National Park visitor numbers are up and it's causing some problems.
National Parks everywhere are seeing skyrocketing numbers of visitors in the past few years. But out in Colorado, the number of visitors has been especially high in places like Rocky Mountain National Park.
In fact, things have been busy enough to make officials consider options such as limiting traffic and even possibly imposing daily visitor caps. It's definitely a problem with no easy solution.
Last year, Rocky Mountain saw some 13,000 vehicles on some of its busiest days. The park saw 4.1 million total visitors in 2015. Aside from traffic and parking problems, there are also issues of trail erosion and bathrooms that aren't quite built to handle the demand.
The NPS might be forced to use shuttles and add some more parking lots in order to combat this growing problem. Even the idea of reservations to enter is being floated around.
In the case of Rocky Mountain, more popular routes may see a reduction in traffic, something that's already happened before at Rocky Mountain National Park.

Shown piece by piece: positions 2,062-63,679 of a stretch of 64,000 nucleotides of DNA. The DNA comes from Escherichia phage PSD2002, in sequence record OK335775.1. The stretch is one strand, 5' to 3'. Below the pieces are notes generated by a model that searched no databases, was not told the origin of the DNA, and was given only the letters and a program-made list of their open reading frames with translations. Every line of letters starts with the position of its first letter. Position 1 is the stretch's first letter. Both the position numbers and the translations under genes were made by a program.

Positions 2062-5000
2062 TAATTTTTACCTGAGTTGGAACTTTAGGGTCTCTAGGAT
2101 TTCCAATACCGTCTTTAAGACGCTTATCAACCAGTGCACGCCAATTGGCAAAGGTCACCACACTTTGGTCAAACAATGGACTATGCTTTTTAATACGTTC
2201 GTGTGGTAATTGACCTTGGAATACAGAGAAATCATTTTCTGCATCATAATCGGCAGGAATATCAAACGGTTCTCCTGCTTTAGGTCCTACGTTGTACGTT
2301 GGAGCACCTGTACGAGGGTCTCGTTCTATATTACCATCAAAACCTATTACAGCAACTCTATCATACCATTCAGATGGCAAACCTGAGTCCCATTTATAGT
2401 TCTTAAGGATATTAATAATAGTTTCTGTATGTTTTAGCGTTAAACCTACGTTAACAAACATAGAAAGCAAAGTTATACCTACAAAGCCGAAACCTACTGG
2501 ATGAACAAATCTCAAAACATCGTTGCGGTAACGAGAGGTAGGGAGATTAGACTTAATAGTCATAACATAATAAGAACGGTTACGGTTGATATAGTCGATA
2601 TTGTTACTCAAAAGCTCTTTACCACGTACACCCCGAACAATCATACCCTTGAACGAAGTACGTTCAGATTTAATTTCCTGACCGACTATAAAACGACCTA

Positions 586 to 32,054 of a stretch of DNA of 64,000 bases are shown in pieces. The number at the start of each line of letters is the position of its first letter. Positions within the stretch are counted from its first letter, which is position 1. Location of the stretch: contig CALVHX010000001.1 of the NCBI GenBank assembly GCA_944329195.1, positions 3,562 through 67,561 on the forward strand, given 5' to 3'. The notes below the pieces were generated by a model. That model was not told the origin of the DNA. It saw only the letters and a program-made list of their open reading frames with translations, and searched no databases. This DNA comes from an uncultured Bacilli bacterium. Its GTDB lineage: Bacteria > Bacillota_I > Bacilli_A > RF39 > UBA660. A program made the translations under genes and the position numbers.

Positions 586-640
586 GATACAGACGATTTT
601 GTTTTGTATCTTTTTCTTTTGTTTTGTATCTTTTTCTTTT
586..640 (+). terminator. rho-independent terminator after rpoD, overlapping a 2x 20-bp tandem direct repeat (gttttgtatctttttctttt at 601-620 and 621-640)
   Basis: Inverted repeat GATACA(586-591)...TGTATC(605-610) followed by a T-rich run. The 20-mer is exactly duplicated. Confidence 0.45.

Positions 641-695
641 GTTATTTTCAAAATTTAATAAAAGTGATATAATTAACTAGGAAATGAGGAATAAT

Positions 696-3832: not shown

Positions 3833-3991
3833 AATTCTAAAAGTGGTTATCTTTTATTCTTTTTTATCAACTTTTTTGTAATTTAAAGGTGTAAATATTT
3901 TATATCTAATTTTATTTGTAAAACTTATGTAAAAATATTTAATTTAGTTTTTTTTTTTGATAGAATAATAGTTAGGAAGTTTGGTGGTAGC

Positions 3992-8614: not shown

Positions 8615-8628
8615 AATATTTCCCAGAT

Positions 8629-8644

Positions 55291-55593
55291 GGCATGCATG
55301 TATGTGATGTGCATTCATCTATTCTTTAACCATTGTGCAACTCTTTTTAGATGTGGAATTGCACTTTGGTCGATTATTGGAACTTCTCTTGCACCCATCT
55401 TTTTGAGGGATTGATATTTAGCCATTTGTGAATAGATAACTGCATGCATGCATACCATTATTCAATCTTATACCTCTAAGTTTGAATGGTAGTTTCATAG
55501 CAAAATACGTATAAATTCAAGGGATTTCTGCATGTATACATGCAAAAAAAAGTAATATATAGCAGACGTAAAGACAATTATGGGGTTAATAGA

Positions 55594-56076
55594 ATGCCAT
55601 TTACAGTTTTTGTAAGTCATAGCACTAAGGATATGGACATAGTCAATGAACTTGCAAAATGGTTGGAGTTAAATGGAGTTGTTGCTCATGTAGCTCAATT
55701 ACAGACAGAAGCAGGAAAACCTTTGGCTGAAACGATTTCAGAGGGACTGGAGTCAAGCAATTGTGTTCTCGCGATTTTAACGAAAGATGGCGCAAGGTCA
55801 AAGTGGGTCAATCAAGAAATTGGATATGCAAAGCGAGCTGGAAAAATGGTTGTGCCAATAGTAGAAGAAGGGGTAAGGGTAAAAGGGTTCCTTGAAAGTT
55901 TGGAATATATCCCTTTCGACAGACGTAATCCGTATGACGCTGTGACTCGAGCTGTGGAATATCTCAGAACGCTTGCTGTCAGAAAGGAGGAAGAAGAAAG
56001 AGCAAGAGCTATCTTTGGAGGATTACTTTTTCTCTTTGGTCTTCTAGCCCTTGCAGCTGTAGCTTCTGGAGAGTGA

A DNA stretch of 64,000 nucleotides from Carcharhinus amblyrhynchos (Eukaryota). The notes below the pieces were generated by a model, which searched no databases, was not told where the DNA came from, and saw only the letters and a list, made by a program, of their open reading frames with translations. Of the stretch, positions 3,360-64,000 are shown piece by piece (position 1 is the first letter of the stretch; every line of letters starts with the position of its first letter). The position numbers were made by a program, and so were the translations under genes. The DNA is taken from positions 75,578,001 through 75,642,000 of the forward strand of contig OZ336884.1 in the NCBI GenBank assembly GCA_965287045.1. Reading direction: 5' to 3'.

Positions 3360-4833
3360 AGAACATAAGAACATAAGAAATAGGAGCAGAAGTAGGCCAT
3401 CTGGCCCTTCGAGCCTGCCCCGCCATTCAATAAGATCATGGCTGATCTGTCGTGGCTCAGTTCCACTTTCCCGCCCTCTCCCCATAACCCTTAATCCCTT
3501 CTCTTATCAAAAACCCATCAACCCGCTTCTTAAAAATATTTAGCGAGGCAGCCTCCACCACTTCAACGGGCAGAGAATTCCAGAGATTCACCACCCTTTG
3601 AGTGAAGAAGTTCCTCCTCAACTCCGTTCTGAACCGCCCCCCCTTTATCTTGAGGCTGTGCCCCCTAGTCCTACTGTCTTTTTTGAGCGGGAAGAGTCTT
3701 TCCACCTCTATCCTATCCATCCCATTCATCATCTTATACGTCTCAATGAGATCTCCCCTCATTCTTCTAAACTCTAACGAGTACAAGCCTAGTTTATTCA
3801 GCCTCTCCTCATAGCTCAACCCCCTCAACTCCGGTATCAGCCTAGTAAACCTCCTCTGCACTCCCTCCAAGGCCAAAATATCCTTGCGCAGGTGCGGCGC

"We had to do that last summer on occasion, where we had so much congestion on Fall River Road dumping into Alpine Visitor Center that we had to temporarily restrict visitor access on the road until the congestion cleared out," RMNP spokesman Kyle Patterson told Fox 31 Denver.
This type of situation is a double-edged sword. On one hand, it is great people are getting out and experiencing our National Parks and are connecting with nature. On the other, the place becomes a lot less wild and natural when there are tons and tons of people there.
What do you think? Should the NPS be allowed to restrict visitor numbers in our Nation Parks in order to help preserve them?